Production of soluble mammalian proteins in Escherichia coli: identification of protein features that correlate with successful expression
Michael R Dyson, S Paul Shadbolt, Karen J Vincent, Rajika L Perera, John McCafferty
BMC Biotechnology , 2004, DOI: 10.1186/1472-6750-4-32
Abstract: Several protein features correlated with soluble protein expression yield including molecular weight and the number of contiguous hydrophobic residues and low complexity regions. There was no relationship between successful expression and protein pI, grand average of hydropathicity (GRAVY), or sub-cellular location. Only small globular cytoplasmic proteins with an average molecular weight of 23 kDa did not require a solubility enhancing tag for high level soluble expression. Thioredoxin (Trx) and maltose binding protein (MBP) were the best N-terminal protein fusions to promote soluble expression, but MBP was most effective as a C-terminal fusion. 63 of 95 mammalian proteins expressed at soluble levels of greater than 1 mg/l as N-terminal H10-MBP fusions and those that failed possessed, on average, a higher molecular weight and greater number of contiguous hydrophobic amino acids and low complexity regions.By analysis of the protein features identified here, this study will help predict which mammalian proteins and domains can be successfully expressed in E. coli as soluble product and also which are best targeted for a eukaryotic expression system. In some cases proteins may be truncated to minimise molecular weight and the numbers of contiguous hydrophobic amino acids and low complexity regions to aid soluble expression in E. coli.The production of purified proteins is important for several experimental approaches aimed to assign gene function including antibody generation for immunocytochemistry and immunoprecipitation studies [1-3], in vitro mapping of protein – protein, protein – DNA or protein – RNA interactions [4,5] and structure determination [6]. The availability of proteins is also important for biomedical applications such as small molecule drug discovery and the production of therapeutic proteins and vaccines. In these situations it is essential to be able to reliably express the proteins in a heterologous system and purify them so that they possess the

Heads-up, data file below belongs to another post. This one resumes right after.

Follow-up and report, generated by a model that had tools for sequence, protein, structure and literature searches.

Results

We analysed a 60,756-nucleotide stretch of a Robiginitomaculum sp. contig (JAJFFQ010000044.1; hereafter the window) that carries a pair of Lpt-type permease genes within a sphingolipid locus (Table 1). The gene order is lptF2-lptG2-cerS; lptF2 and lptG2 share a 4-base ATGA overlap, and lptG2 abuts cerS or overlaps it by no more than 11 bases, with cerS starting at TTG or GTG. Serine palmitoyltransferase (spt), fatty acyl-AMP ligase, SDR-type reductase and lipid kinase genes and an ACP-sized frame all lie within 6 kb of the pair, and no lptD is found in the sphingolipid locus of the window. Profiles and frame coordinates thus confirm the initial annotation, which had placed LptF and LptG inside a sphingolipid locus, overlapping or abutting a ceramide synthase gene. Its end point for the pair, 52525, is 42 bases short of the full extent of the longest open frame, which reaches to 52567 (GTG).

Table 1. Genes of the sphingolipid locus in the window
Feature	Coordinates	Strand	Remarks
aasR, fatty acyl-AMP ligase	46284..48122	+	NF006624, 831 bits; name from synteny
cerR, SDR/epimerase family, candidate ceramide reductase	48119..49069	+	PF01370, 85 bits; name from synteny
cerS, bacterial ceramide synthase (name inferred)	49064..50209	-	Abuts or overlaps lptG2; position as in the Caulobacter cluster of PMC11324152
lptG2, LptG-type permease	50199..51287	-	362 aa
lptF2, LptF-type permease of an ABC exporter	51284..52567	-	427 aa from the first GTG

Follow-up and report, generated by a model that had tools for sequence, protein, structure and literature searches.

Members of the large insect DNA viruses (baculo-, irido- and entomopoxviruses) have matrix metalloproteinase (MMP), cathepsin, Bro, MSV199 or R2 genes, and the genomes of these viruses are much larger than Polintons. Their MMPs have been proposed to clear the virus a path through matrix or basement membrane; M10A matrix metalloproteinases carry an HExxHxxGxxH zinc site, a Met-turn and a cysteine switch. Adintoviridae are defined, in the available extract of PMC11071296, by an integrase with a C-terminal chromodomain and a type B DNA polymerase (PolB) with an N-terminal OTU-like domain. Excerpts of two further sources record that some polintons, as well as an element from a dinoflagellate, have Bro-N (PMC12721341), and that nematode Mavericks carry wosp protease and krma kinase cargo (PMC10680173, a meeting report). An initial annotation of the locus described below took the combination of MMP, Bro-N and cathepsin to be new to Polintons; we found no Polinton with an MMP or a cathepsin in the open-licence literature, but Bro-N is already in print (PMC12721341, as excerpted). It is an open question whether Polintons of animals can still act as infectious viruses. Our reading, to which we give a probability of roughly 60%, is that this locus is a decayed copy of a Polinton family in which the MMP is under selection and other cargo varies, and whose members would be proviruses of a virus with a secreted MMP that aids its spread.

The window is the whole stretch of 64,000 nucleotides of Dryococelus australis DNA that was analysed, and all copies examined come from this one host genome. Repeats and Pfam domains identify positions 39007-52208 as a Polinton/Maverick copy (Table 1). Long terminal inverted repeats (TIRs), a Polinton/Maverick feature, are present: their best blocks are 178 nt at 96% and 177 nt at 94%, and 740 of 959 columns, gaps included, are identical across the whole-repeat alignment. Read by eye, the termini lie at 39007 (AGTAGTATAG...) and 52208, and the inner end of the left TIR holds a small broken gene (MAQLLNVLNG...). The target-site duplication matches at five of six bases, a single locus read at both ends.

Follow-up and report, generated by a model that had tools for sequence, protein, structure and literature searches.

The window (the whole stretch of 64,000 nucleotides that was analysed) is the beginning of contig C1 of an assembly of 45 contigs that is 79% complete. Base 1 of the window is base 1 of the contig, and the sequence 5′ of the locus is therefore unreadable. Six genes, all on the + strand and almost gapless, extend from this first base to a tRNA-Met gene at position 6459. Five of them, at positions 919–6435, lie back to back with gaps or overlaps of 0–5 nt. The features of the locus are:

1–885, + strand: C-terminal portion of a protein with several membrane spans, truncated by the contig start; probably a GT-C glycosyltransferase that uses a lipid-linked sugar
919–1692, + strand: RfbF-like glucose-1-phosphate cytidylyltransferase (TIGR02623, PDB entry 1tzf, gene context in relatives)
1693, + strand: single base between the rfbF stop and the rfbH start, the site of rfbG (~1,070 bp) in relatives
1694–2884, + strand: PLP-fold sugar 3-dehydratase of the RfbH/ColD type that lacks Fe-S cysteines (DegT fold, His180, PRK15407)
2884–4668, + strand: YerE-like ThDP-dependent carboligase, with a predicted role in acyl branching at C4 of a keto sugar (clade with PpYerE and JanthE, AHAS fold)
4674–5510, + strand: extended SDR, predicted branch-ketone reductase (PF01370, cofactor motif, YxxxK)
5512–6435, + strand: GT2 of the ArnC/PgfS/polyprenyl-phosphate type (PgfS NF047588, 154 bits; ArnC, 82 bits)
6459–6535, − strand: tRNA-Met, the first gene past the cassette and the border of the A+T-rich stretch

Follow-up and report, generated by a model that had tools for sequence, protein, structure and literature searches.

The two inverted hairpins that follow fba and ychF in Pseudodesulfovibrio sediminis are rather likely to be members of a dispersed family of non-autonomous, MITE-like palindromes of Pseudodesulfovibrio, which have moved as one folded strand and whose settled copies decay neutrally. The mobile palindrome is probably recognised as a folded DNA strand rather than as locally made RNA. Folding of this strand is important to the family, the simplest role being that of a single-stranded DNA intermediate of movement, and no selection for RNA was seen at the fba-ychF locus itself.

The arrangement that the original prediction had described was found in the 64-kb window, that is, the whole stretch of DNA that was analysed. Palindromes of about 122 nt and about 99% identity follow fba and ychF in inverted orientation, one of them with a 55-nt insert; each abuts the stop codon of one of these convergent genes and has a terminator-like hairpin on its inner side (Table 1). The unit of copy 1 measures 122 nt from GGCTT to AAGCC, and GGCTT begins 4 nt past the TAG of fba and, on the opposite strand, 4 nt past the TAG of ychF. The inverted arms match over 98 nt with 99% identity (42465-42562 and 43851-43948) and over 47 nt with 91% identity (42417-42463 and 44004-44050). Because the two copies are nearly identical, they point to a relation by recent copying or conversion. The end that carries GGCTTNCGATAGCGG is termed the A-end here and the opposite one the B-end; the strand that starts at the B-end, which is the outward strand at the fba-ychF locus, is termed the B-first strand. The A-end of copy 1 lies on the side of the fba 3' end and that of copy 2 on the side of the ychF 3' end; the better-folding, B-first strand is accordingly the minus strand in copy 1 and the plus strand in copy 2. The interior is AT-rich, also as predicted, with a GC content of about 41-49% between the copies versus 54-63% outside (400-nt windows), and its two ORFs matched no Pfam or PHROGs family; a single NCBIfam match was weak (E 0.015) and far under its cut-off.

Insecta, Ephemeroptera: Range extensions and new records for Ontario and Canada
McCafferty, W. P.,Jacobus, L. M.,Webb, J. M.,Meyer, M. D.
Check List , 2008,
Abstract:
Mayflies (Insecta: Ephemeroptera) of Yellowstone National Park, U.S.A.
McCafferty, W. P.
Check List , 2007,
Abstract: The Ephemeroptera (Insecta) fauna ofYellowstone National Park consists of 46 speciesin 24 genera among eight families. These speciesare listed, and fifteen of the species (includingcollection data) are reported for the first time.Another 13 species have been taken adjacent tothe park in Wyoming and Montana and noted asexpected to occur in the park.